Homesteads: Exemptions And Portability, By Roxana Tejeda

In most every city, the trend of “urban homesteading”— gardening on rooftops, patios, and shared courtyards—is steadily growing and some people are taking it a step further by actually considering buying a different plot of real property. A “homestead” doesn’t necessarily mean you homestead, run a farm, or even own farmland. A “homestead” doesn’t necessarily mean you homestead, run a farm, or even own farmland. More broadly, a homestead can be real estate that’s an occupied and fixed residence—your primary residence. Homesteading laws and qualifications vary from state to state but there are two, big elements to consider wherever you live: homestead exemption and homestead portability. 

Roxana Tejeda

Photo Credit: Tejeda Law Group, P.A.

A homestead exemption allows a tax exemption for homeowners who use their homestead as a permanent residence. This kind of absolution is based on the property values of the home and in return, helps owners save big on their property taxes. Even further, homestead portability allows the transfer of homestead exemption and is made “portable” to a second property.  More specifically, in the state of Florida, portability has the factor of SOH (“Save our Homes”), an amendment that limits the yearly increase of CPI (consumer price index) to only 3%. (These SOH benefits can apply to your other homestead.) That percentage also quickly builds otherwise, so it safeguards the homestead owner. 

However you’re looking at or taking a homestead exemption or homestead portability, consider where you are in the real estate journey: 

Are you considering buying a homestead? 

Exemption and a tax break are definitely perks. Though, first, ask if the property you’re interested in will be your permanent residence. In some states, you can lose your exemption if you rent your homestead to a tenant. Best advised, too, do not use your homestead as an Airbnb—even if only temporary or during the summer. Second, determine the square footage of the property (with adjacent land) and homesteading laws in your state.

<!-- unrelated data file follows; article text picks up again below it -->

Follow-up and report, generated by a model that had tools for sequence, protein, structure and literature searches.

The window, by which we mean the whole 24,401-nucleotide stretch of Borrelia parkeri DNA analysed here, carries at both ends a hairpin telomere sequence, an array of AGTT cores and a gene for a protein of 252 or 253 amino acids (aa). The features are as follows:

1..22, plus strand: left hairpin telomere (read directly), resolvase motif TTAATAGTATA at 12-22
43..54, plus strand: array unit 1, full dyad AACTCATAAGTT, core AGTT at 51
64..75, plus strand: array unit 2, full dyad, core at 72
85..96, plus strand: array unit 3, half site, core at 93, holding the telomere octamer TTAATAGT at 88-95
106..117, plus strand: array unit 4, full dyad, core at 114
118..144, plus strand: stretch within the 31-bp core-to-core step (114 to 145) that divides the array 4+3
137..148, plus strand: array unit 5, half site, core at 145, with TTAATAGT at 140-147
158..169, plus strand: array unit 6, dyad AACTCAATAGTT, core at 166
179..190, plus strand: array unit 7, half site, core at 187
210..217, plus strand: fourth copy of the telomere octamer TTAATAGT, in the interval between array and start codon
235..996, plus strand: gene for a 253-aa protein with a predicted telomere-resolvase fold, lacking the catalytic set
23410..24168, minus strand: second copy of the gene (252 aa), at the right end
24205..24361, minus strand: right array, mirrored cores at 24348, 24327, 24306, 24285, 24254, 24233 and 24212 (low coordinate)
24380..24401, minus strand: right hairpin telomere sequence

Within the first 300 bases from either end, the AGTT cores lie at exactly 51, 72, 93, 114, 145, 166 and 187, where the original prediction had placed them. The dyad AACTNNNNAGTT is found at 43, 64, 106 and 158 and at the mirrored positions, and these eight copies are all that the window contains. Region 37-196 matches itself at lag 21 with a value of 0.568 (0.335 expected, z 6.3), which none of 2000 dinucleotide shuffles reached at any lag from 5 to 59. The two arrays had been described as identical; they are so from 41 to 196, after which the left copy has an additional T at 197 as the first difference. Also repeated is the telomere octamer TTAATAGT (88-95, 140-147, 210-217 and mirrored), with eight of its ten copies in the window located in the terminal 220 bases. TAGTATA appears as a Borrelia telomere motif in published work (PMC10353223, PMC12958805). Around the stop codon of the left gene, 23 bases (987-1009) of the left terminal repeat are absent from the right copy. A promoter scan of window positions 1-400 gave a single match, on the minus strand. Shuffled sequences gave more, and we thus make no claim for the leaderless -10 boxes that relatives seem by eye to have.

Do you already own a homestead but are considering moving to a second one?

Good for you! For one reason or another, we may find our home doesn’t quite meet our needs. Laws vary from state to state, so be sure your second property is in the same state and qualifies as a homestead, especially if you want to take the exemption with you. Check the time frame or any laws regarding homestead portability. Due to recent amendments made in Florida, the homeowner has three years to transfer their SOH benefits! 

Do you want to gift your homestead? 

Rural homesteads are not common in Florida, but across the country, they’re more often than not passed on from generation to generation. However you’re deciding this transfer, be sure to have the beneficiaries set in your estate plan. If you’re planning on gifting a homestead, also consider the gift tax rules in your state. Even if you’re paying out big, your children or inheritors will eventually qualify for the homestead exemption once the deed is in their name.

Overall, owning a homestead has a unique set of perks, factors, and laws vs. what one would call a traditional home or dwelling. Each state defines and regulates this differently. Whether or not you own a homestead, or consider yourself a homesteader, the American dream of having this kind of real property—and reaping the benefits—is not an impossible effort! For more homesteading laws, details about homestead exemption and portability, visit the IRS website or contact a real estate attorney.